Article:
歴史. The origins and changes over time of the features and characteristics of Japanese in its spoken and written forms.

learn more… | top users | synonyms

5
votes
1answer
591 views

Why does Japanese TV News and magazine programs have “mandatory” subtitles/legend?

(I never thought I would ask one of these questions and even considered if it was off topic but this is a very distinct feature of the language as it is really used. Is it due to some characteristic ...
2
votes
1answer
224 views

What are the reasons for the huge amount of loanwords in Japanese?

It seems that Japanese has far more loanwords than any other language I've heard spoken. I understand that English is far-reaching and a global language, but are there many known reasons that English ...
6
votes
1answer
528 views

History of だ、です、 and である

Historically where did all of these different forms arise, and when are they used? I noticed that だ and である both have their place in different 文法形, what is the difference in their meaning? I know that ...
5
votes
0answers
339 views

Haphazard usage of katakana and hiragana for particles and okurigana

I'm looking at this picture of the 日米和親条約 (Kanagawa convention) from the late Edo period and it seems rather strange: It looks like the non-kanji parts are rather haphazardly written in katakana ...
7
votes
1answer
271 views

Orthography at the turn of the previous century

A couple of days ago I purchased an old book published in 1908. It uses a strange orthography I haven't encountered before. Everything that is not in kanji is written in katakana, including ...
1
vote
1answer
178 views

Is “琉語解釋” Japanese?

Today I bought a hundred year old book in a secondhand bookshop in Naha, Okinawa. It's a handbook of the Ryukyuan language in Japanese, though it has both Japanese and English titles there is no ...
4
votes
1answer
184 views

Differences between なし and あらず?

At some point in history, ない replaced *あらない as the negative of ある, at least in the Kantō dialect (Kansai seems to have あらへん; あらん is also apparently attested in some dialects). When did this happen? ...
29
votes
4answers
1k views

How did “little tsu” become a lengthener?

How did it come about historically that っ preceding a sound would geminate it? Is it really a little つ or are they just near homomorphs?
5
votes
1answer
252 views

When did 全然 get restricted to the negative?

全然 means "completely" in Chinese, and also in Classical Chinese. Why does 全然 only go with negative conjugations in Japanese? My teacher also says that you cannot say とても with negative things in ...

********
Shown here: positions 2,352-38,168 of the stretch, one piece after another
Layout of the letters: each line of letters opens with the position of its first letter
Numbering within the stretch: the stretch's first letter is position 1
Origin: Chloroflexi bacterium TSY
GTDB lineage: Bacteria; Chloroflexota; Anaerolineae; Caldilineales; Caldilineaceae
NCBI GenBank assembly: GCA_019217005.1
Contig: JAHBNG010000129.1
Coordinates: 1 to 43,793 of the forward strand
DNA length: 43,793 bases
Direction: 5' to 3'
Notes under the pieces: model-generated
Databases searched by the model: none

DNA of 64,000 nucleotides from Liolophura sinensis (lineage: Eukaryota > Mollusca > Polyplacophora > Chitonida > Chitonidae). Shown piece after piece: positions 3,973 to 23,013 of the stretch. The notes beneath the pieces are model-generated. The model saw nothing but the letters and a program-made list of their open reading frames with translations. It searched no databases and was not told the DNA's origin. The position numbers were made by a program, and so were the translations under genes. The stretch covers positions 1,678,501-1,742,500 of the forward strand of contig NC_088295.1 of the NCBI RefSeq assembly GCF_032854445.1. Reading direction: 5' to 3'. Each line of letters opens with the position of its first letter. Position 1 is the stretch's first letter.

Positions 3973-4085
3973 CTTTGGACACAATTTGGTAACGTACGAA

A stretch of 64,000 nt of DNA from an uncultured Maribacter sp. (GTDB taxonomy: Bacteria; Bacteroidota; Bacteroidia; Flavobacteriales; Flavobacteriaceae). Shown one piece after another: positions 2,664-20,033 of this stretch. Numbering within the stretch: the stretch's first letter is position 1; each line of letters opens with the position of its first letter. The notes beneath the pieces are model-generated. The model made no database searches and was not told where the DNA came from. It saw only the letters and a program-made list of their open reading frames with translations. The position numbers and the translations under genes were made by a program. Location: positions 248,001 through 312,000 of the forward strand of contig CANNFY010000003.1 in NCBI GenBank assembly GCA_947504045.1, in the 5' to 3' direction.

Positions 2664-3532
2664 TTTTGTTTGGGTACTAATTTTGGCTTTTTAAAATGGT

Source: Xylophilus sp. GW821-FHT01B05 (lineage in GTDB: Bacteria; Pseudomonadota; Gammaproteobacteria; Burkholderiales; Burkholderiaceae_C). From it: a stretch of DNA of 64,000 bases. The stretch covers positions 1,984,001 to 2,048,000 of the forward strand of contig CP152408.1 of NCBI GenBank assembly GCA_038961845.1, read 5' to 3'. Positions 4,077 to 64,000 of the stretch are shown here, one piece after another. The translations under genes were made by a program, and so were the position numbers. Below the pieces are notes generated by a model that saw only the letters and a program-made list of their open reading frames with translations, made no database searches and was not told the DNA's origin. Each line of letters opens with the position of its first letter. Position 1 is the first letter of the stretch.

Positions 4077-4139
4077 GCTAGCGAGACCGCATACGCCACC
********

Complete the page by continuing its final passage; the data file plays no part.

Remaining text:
3
votes
2answers
421 views

名前, does it have English Roots?

I know it's a stretch, and I'm pretty sure it's not, but is 名前 related to name? I always thought it was weird that they were so similar in pronunciation.
5
votes
1answer
767 views

Why is katakana /va/ normally written ヴァ rather than ヷ?

Even though there is a katakana character ヷ, most of the time when I see something that is transcribed into Japanese as /va/, it is in the form ヴァ (say, for example, in the title of the anime series ...
0
votes
1answer
151 views

How to say Populations and Civilizations when talking about history?

Dealing with historical matters for a certain urban area, one would like to say the following: In this city we had many populations here: Normans, Greeks and French... So what is the right term ...
7
votes
1answer
129 views

relationship between 'b' and 'm' sounds

There are several words that have a common etymological origin but are sometimes pronounced with a 'b' and sometimes with an 'm'. Here are some examples: おもえる、おぼえる (思える、覚える) さむらい、さぶらい (侍) ぶ、む (無) ...
0
votes
1answer
152 views

history of learning japanese

Now, we have lots of resources for learning Japanese - tons of textbooks, dictionaries, audio and video recordings, educational software etc. But in the past - How did Europeans first approach ...
6
votes
1answer
200 views

Is there any relationship between the verb 死{し}ぬ and the 音読み 死{し}?

I noticed that both 死ぬ and the 音読み of 死 share a し sound. Is this a huge coincidence between Japanese and Chinese, or is there some sort of relation? I guess the former, because I don't know any ...
4
votes
2answers
204 views

When and where did 丁寧語 emerge?

I've been reading some old text recently and I find that everybody seems to use plain forms even in polite contexts (like proclamations from the Emperor). When did the modern ます and です come from? I ...
4
votes
1answer
227 views

Is it possible to write anything long completely in 和語?

I sometimes wonder how feasible is it to completely avoid loanwords, i.e. 漢語 and 外来語, but still using Modern Japanese (i.e. not simply just using Old/Classical Japanese vocabulary). Is the 和語 ...